Nikon D5100 teardown

While waiting for the announcement of the Nikon AF-S 50mm f/1.8G lens which is less than 12 hours away, take a look at this Nikon D5100 teardown performed by Ifixit:

Teardown highlights:

  • The D5100 utilizes a 16.2 megapixel DX format CMOS sensor to capture images. This sensor has the same specs of the sensor used by the Nikon D7000.
  • Chipworks reports that each pixel on the sensor is 4.8 µm wide. That's about half the diameter of a red blood cell.
  • The sensor has a special glass cover that turns red when viewed at an angle, but is completely transparent when viewed head-on. Neat!
  • Unlike other recent teardowns, the battery can be easily replaced by opening the compartment with your thumbnail.
  • The 7.4 V 1030 mAh EN-EL14 Li-ion battery is used by the D5100, D3100, and the COOLPIX P700. Sadly, it's not compatible with other cameras in the Nikon lineup, such as the D90 and D7000.
  • Definitely make sure to discharge the large-and-in-charge 330µF flash capacitor if you attempt any repairs on the D5100. Otherwise you risk accidentally killing your camera.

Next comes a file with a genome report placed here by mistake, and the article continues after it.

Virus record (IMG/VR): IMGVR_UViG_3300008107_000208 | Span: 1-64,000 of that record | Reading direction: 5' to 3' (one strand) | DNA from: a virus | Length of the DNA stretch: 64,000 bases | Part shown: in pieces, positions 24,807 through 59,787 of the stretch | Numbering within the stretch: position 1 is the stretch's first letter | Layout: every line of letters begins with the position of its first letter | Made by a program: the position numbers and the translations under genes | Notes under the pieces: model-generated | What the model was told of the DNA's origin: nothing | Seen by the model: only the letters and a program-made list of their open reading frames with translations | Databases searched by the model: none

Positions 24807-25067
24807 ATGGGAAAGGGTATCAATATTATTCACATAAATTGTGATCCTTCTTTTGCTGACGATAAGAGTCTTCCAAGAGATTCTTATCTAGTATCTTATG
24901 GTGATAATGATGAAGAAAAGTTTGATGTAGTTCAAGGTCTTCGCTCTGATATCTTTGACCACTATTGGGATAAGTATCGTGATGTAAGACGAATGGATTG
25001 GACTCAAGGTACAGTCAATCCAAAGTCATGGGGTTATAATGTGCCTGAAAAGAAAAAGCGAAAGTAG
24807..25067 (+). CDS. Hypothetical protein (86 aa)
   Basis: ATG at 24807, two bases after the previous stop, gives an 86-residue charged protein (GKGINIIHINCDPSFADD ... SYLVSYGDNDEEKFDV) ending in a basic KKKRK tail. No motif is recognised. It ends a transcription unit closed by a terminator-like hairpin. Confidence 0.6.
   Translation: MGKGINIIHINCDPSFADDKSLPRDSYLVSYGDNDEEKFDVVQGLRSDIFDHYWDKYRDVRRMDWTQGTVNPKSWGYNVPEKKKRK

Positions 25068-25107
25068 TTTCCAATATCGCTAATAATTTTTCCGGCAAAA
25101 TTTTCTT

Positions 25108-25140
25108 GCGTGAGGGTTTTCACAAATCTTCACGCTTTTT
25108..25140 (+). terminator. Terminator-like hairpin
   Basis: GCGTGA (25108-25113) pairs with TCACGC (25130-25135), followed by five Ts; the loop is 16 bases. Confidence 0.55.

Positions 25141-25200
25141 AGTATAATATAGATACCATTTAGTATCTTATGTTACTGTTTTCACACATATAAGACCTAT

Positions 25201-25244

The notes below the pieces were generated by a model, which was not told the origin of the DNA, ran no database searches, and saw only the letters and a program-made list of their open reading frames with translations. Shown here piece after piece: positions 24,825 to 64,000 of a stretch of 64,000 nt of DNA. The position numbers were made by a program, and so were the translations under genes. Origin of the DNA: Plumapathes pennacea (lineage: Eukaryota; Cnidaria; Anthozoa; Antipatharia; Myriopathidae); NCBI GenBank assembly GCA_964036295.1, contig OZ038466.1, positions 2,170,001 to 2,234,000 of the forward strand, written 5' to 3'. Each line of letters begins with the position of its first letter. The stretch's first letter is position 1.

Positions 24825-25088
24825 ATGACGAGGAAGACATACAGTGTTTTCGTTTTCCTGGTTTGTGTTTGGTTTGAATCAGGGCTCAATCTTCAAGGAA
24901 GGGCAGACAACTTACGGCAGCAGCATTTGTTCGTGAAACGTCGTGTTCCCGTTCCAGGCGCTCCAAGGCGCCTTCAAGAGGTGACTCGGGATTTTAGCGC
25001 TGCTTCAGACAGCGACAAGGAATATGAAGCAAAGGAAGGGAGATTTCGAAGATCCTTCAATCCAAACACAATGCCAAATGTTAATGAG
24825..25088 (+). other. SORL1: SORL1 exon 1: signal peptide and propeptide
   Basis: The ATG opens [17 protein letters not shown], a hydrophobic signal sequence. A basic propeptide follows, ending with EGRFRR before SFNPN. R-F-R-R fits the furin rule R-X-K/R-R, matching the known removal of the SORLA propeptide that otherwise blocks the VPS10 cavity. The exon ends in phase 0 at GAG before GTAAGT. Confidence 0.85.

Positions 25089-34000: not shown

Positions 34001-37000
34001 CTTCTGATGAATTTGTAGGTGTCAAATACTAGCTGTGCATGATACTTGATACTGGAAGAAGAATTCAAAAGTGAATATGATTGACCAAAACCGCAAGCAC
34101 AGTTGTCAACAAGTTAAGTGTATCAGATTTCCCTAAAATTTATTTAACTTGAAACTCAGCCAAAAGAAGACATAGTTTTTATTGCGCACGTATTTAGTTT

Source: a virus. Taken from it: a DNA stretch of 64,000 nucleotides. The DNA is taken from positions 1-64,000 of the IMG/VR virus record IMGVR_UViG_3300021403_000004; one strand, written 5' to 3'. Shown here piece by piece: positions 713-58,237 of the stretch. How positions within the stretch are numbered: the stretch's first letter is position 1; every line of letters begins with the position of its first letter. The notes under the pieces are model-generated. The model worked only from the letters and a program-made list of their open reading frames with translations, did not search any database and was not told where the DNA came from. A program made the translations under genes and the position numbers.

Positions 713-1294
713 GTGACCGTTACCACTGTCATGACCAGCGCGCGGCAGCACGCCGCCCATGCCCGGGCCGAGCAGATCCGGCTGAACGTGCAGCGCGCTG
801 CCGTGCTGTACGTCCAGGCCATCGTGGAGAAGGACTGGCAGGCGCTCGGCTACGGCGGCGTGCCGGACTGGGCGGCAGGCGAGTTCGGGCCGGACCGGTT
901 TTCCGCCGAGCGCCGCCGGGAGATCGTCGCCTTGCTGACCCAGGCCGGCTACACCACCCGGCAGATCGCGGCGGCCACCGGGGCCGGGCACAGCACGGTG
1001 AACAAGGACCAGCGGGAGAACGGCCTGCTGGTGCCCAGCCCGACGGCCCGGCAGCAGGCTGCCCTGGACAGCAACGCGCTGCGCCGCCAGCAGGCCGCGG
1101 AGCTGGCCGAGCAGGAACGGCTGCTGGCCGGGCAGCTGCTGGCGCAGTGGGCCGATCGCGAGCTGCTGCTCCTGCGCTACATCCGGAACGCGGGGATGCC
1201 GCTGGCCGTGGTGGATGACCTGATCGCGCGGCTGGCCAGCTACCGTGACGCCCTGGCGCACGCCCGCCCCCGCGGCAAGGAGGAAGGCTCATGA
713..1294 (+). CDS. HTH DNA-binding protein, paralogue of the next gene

• The camera has roughly 4 billion screws holding it together. We had to skip a lot of the "unscrewing this screw" pictures in order to keep the teardown interesting, since we took out 37 of them to get to the teardown layout shot.
  • You can easily access the motherboard by removing the rear cover. You just need to remove twenty-ish #00 Phillips screws, disconnect 9 ribbon cables, and desolder a few wires...
  • The D5100 contains a lot of the same chips found in the Nikon D7000. Key players include:
    • Nikon EXPEED 2 EI-154 1051 Z05 image processor
    • Samsung K4T1G164QF-BCE7 1Gb DDR2-800 SDRAM (total of 3 Gb = 375 MB)
    • MXIC MX29GL128EHXFI-90G 128 Mb parallel flash memory
    • Toshiba TMP19A44FEXBG low-power microcontroller
    • Nikon EI-155 M4L1BA00 00151044
    • Nikon NHHS-2 049M8
  • There's a light blue pad wedged between the bottom of the flash capacitor and the bottom camera frame. It conducts heat away from the capacitor to cool it down during flash-intensive shooting.
  • The top cover is a feat of engineering by itself. Within its walls are contained: Main control wheel, shutter/aperture control wheel, live view lever, On/Off switch, "info" button, record button, shutter button, exposure compensation button, IR sensor, AF lamp, flash, flash control circuitry, flash actuator, and the microphone.
  • The flash is actuated by a linear solenoid that pushes on a lever to release the spring-loaded flash -- either automatically if the sensor detects a low-light situation, or when the flash button is depressed.

 

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